Disc one contains staples of the Gabriel era, including prog rock standard “Supper’s Ready”, a 25-minute epic in 7 parts; “I Know What I Like (In Your Wardrobe)”, a live favorite that was their first single to make the charts, and “Carpet Crawlers”, a track from Gabriel’s last album with the band, the two-disc “The Lamb Lies Down On Broadway”. The sound quality is excellent, but the tracks are nothing that hasn’t been released already on other collections. The final track on the disc is “Ace of Wands”, an excellent solo track by Steve Hackett that fits in well with this era. Fans who haven’t followed Hackett since he left the band will find this as a nice surprise.
Disc two deals with the late 70’s-early 80’s; it was during this time that Hackett left the band, but only two tracks from his final albums are included, “Ripples” and “Afterglow”. After that, the band started to write more pop-rock oriented songs, and achieved some chart success with tracks like “Follow You, Follow Me”, “Turn It On Again” and “Abacab”. They also scored a hit with “Mama”, a darker song that showed the band could stay true to their prog roots with more popular material. Individual members began to have success on the charts as well; Gabriel scored major success with “Biko” and “Solsbury Hill”, two excellent songs influenced by music from across the world, particularly Africa. Collins began releasing successful albums on his own. Included here is the iconic “In The Air Tonight”, “Easy Lover”, Collins’ duet with Phillip Bailey of Earth, Wind & Fire; and “Wake Up Call” from his recent Motown tribute album. “Silent Running”, a hit single from Rutherford’s band Mike & The Mechanics, closes disc two.
Disc three has three tracks each from the massively successful “Invisible Touch” and “We Can’t Dance” albums. The title track from the post-Collins “Calling All Stations” album is also here, marking the only appearance from Ray Wilson, who sang lead for this one album. Mike & the Mechanics biggest hit, “The Living Years” is here, as well as the more recent track “Over My Shoulder”. Banks, who has never been able to achieve much chart success on his own, has three tracks in “For A While”, “Red Day on Blue Street” and “Siren”. Banks’ writing has always been excellent, and his more recent work has more directly been showing his classical influences. His skills on the keyboard are unmatched, but his solo albums have always been musically simpler, more pop than prog.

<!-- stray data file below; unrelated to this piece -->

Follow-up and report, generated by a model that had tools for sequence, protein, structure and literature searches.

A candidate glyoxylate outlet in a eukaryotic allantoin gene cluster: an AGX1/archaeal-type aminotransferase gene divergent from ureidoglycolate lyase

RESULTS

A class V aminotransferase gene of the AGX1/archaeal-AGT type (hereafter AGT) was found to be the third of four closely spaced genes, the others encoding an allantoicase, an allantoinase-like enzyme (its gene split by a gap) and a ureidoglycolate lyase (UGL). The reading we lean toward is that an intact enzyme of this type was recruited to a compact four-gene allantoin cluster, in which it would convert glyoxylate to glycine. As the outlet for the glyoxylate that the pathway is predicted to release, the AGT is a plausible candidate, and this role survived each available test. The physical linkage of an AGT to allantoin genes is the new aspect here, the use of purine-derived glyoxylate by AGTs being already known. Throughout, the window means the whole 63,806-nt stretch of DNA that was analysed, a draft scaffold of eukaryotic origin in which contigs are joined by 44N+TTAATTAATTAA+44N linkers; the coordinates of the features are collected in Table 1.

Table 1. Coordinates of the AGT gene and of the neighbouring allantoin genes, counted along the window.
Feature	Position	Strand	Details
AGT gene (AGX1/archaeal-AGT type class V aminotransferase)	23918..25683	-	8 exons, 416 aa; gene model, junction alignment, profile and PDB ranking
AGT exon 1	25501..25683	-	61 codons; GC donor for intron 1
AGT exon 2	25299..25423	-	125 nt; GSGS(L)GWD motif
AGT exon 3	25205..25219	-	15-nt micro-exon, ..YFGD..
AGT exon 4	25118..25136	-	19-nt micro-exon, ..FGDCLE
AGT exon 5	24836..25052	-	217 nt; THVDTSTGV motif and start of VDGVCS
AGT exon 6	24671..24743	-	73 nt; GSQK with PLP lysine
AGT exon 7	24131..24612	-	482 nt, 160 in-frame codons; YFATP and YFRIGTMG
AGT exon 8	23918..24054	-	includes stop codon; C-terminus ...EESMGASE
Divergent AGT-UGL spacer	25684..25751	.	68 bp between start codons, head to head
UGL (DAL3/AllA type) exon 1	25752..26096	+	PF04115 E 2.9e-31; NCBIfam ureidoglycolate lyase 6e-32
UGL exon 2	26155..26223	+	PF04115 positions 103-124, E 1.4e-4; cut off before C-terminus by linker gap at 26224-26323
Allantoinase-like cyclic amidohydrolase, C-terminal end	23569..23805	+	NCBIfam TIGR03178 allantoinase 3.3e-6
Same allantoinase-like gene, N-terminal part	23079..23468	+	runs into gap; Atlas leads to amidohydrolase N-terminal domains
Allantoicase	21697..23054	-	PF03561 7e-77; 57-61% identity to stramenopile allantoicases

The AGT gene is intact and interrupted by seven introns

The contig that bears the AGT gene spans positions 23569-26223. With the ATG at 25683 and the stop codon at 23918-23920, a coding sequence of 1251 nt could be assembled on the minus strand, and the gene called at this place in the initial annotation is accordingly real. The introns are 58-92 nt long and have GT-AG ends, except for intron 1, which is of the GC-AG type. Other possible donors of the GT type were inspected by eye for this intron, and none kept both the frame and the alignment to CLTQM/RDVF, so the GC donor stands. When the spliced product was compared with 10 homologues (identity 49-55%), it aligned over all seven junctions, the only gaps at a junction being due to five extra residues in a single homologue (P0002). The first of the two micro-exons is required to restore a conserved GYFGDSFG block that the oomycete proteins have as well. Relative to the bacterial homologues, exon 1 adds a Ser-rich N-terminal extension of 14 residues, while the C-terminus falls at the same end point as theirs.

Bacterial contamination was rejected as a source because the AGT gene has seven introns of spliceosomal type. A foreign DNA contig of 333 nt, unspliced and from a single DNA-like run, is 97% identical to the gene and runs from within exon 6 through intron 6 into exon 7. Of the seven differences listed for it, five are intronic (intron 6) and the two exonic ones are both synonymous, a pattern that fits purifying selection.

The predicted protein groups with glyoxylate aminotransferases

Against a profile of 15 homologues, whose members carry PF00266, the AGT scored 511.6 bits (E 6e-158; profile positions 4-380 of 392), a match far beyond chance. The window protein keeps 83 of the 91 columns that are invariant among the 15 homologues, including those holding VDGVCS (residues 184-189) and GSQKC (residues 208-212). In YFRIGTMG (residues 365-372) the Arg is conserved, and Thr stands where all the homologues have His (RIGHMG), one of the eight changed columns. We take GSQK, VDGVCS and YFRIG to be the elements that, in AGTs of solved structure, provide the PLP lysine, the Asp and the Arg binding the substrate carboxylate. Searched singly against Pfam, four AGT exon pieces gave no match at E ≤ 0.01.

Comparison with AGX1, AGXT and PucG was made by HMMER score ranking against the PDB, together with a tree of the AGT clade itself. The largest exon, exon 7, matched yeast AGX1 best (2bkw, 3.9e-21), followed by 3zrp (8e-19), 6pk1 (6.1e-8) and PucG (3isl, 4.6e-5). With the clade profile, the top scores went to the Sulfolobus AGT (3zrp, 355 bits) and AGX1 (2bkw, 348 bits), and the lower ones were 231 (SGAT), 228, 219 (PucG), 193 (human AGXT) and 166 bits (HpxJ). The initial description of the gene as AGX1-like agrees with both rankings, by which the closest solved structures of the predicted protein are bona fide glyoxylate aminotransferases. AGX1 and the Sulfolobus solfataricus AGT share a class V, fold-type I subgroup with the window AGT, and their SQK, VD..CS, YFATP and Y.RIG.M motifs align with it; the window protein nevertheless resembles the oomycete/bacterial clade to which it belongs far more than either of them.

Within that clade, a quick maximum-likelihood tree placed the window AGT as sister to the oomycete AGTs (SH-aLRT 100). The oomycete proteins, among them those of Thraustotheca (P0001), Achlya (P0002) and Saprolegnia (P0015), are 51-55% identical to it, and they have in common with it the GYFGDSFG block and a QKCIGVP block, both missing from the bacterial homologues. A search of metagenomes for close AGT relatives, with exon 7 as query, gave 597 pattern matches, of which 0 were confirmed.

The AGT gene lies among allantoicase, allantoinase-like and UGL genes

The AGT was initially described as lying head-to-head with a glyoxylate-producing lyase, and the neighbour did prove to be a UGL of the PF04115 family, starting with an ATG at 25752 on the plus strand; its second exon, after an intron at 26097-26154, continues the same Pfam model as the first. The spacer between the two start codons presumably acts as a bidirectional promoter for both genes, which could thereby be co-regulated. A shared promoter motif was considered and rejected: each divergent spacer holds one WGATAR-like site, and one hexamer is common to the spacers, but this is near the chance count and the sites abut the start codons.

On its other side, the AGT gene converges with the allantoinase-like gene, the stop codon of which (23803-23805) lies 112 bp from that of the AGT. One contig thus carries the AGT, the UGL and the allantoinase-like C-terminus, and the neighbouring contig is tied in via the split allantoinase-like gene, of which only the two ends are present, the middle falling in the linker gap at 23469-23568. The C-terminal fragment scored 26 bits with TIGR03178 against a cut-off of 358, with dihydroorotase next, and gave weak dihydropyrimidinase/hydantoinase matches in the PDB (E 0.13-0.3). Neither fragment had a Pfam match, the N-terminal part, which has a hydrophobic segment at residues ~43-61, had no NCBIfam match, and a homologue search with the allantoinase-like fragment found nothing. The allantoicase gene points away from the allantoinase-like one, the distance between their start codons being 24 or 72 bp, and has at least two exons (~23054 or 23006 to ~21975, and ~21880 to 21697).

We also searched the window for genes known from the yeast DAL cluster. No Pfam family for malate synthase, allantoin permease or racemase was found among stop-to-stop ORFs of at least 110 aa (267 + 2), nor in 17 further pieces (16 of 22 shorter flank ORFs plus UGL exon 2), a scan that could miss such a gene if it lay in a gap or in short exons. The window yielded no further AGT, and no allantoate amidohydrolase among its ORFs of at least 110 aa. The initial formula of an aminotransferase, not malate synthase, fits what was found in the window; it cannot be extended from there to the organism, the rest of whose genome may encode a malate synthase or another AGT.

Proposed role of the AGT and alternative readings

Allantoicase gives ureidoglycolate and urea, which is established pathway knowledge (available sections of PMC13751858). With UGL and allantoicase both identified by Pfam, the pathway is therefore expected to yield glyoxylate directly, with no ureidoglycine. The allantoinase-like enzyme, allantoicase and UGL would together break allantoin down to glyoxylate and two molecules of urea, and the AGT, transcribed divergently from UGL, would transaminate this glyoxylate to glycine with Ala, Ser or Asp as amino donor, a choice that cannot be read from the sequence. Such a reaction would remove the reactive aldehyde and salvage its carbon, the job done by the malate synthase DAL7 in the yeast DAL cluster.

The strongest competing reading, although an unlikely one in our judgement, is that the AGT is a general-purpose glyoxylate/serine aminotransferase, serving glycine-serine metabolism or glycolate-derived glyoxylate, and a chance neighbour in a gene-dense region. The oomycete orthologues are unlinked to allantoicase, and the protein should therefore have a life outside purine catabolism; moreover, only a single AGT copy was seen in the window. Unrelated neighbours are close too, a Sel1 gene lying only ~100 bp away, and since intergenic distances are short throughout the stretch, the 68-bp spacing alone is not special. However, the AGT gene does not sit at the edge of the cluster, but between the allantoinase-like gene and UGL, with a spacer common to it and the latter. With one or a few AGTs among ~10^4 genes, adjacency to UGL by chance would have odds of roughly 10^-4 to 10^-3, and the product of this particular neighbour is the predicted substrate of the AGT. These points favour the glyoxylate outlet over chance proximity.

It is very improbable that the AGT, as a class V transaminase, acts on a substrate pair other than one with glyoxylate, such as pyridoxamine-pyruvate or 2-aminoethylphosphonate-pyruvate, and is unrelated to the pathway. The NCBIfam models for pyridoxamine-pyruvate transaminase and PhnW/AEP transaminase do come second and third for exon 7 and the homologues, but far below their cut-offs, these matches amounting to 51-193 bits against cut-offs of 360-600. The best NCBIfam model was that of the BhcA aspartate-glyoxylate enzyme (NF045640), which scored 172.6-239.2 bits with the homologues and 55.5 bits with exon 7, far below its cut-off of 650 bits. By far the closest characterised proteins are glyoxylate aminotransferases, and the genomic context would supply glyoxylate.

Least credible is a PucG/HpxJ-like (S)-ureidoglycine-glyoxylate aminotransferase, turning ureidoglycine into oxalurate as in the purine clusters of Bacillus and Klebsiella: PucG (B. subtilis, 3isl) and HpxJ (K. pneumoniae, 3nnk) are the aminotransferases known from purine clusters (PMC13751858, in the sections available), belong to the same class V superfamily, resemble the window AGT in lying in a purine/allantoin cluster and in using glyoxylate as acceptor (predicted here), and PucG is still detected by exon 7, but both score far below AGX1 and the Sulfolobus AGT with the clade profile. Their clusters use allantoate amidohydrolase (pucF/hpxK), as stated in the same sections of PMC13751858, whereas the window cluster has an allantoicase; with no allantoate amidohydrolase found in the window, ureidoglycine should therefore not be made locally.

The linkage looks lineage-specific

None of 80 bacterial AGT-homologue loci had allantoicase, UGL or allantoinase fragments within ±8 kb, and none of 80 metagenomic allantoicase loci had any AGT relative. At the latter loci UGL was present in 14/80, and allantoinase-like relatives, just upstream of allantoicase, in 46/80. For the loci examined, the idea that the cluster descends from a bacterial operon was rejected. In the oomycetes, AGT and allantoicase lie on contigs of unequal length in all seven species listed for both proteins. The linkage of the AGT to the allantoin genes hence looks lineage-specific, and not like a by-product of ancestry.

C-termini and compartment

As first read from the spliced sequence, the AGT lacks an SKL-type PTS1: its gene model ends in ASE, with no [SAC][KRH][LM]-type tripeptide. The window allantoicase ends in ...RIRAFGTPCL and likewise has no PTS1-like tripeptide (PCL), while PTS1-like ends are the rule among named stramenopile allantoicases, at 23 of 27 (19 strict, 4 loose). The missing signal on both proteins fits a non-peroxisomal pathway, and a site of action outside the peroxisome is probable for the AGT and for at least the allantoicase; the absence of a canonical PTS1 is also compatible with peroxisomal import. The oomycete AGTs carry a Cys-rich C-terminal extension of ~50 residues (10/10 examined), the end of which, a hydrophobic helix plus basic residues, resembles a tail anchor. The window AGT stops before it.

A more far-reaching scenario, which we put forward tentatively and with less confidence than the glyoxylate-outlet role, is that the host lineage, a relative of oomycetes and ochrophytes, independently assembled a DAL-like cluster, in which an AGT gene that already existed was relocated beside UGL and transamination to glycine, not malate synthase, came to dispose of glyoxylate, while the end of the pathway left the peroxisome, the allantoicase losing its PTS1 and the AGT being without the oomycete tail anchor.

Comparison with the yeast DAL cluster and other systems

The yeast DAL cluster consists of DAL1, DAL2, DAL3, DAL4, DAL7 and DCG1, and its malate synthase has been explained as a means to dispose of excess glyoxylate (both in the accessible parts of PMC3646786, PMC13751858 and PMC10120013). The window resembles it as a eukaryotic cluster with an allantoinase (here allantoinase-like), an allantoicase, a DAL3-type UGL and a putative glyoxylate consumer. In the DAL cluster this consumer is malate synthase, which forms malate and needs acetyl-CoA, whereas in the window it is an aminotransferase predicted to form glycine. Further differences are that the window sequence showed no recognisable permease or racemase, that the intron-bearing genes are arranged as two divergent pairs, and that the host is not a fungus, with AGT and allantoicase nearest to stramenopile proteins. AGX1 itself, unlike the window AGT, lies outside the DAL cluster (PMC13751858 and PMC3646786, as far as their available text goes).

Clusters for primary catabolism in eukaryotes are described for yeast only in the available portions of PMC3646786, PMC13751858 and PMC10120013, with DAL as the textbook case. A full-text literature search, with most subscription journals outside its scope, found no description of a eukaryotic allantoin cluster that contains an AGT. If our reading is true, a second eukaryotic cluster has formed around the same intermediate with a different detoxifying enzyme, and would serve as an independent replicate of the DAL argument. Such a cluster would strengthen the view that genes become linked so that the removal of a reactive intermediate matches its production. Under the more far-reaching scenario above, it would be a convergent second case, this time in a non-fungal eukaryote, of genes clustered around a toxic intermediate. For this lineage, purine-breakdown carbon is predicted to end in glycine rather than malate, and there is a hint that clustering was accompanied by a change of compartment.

The Genesis tracks on this set were chosen by the group as a whole; each member also chose three tracks from their solo projects for inclusion. With the massive catalog the band and each member has amassed, this could easily have been four discs, or more. But three seemed to be the magic number; each member chose three songs of their own work, an early song, a more recent song and something from somewhere in the middle. Some of the solo tracks might come as a nice surprise to those who haven’t followed them, but even these are available elsewhere. It seems the package is a bit too beholden to the concept, so it fails to take into account the audience. If you are thinking of diving into the world of Genesis, this might be a good start. But if you are already embedded in it, there is just no need forIfhis set.